One of the most famous meeting points in Shibuya
is the Hachiko statue. Everyday hundreds or thousands of people walk past it, stand in front of it, snap a picture or chatting around with friends. The statue is located right outside the Hachiko exit (one of the five exits from Shibuya Station) is a must see..
When I ask people what they want to see when they are in Tokyo the answers are pretty similar:
Tokyo Tower, Akihabara, Roppongi, TokyoSkytree, Shibuya and the Hachiko Statue, just to name some of them.
Over the years this corner became quite famous, but do you actually know the story behind this statue?
Hachiko (hachi=eight; kō=prince/duke) was born in 1923 near the Ōdate in Akita Prefecture. One year later, professor Hidesaburō Ueno adopted him as a pet and brought him to Tokyo.
Everyday when Ueno went to the university, Hachiko used to walk with him to Shibuya station and then wait there for his return.
One day in 1925, Ueno did not come back, he died from a cerebral hemorrhage during class, but Hachiko kept waiting.
For nearly ten years he would come to the station and wait at the same spot for the return of his master.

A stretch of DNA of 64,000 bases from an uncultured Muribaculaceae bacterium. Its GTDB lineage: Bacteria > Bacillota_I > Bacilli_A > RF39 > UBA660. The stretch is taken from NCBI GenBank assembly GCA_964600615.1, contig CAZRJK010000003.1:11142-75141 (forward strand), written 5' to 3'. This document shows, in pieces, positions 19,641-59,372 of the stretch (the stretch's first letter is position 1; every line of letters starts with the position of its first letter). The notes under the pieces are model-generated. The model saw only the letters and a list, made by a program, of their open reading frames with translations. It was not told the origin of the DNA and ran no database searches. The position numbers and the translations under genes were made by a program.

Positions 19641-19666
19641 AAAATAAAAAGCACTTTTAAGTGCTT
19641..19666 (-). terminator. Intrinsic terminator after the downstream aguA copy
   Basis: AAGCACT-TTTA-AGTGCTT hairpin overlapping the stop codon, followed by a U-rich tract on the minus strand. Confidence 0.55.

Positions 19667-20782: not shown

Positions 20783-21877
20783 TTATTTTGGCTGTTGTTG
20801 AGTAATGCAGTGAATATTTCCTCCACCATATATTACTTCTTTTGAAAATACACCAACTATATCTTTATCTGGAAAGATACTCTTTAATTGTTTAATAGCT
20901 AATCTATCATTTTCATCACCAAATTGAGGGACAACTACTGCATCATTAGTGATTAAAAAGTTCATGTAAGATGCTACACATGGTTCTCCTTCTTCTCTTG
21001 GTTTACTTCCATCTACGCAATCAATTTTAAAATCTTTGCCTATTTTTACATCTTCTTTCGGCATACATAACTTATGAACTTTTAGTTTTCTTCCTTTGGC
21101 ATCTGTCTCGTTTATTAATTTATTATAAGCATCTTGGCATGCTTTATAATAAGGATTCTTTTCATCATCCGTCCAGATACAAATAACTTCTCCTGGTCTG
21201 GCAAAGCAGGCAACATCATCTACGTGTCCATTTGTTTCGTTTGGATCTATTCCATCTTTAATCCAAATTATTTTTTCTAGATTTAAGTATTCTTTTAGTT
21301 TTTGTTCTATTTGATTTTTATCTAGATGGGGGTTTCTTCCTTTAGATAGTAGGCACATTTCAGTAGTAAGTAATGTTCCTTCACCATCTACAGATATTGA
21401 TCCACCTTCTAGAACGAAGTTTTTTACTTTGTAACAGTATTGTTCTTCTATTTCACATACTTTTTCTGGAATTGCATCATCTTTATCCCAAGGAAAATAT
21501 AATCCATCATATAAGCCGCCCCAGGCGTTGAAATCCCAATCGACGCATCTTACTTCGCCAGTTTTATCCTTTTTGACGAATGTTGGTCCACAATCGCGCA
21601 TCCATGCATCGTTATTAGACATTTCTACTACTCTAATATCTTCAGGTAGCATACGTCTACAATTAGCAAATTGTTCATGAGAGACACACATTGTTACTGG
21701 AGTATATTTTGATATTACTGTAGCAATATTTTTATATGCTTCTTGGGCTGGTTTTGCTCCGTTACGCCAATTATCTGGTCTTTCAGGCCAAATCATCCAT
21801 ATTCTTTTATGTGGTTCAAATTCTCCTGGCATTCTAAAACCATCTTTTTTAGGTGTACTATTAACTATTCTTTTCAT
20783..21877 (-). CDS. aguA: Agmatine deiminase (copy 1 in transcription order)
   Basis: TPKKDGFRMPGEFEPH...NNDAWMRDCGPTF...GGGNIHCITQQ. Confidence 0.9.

At first people were bothered, especially the station staff, but one of Ueno's students found out that Hachiko is one out of 30 purebred Akitas and he wrote several articles about him and his faithfulness.
Suddenly the dog reached international famedom and became a symbol of loyalty.
In 1934 the statue of Hachiko was presented and the dog himself took part in the ceremony. A similar one can also be found in front of Ōdate Station.
Hachiko was found dead in the streets of Shibuya on March 8, 1935. Many people mourned his death and he was given a monument right next to Ueno's grave in Aoyama cemetery.
During World War II the statue had been destroyed, but it was rebuilt in 1948 and became a very popular meeting spot.
Bronze paw prints mark the exact spot where Hachiko was waiting. Today anyone can visit the National Museum of Nature and Science in Ueno where the stuffed Hachiko is exhibited.
What remains today is the unconditional loyalty of one dog for his master. People still use this story as inspiration, lots of books have been written and 2 movies have been made. (Hachikō Monogatari and Hachi:A dog's tale)
Whenever I walk past this small statue I always remember what's story is behind it. It is more than a simple statue, it's a sign of loyalty and a reminder to people what's important in life.
Have you ever heard this story before? If not, I`m sure you`ll see the statue with different eyes now.
When you are in Tokyo it is definitely worth a visit.
Access: Yamanote Line (Hachiko exit). The statue is located outside behind the green train.
Last but not least, if you are looking for a tour to Shibuya. Here is one great recommendation: http://www.travelience.com/tours/west-tokyo-one-day-tour/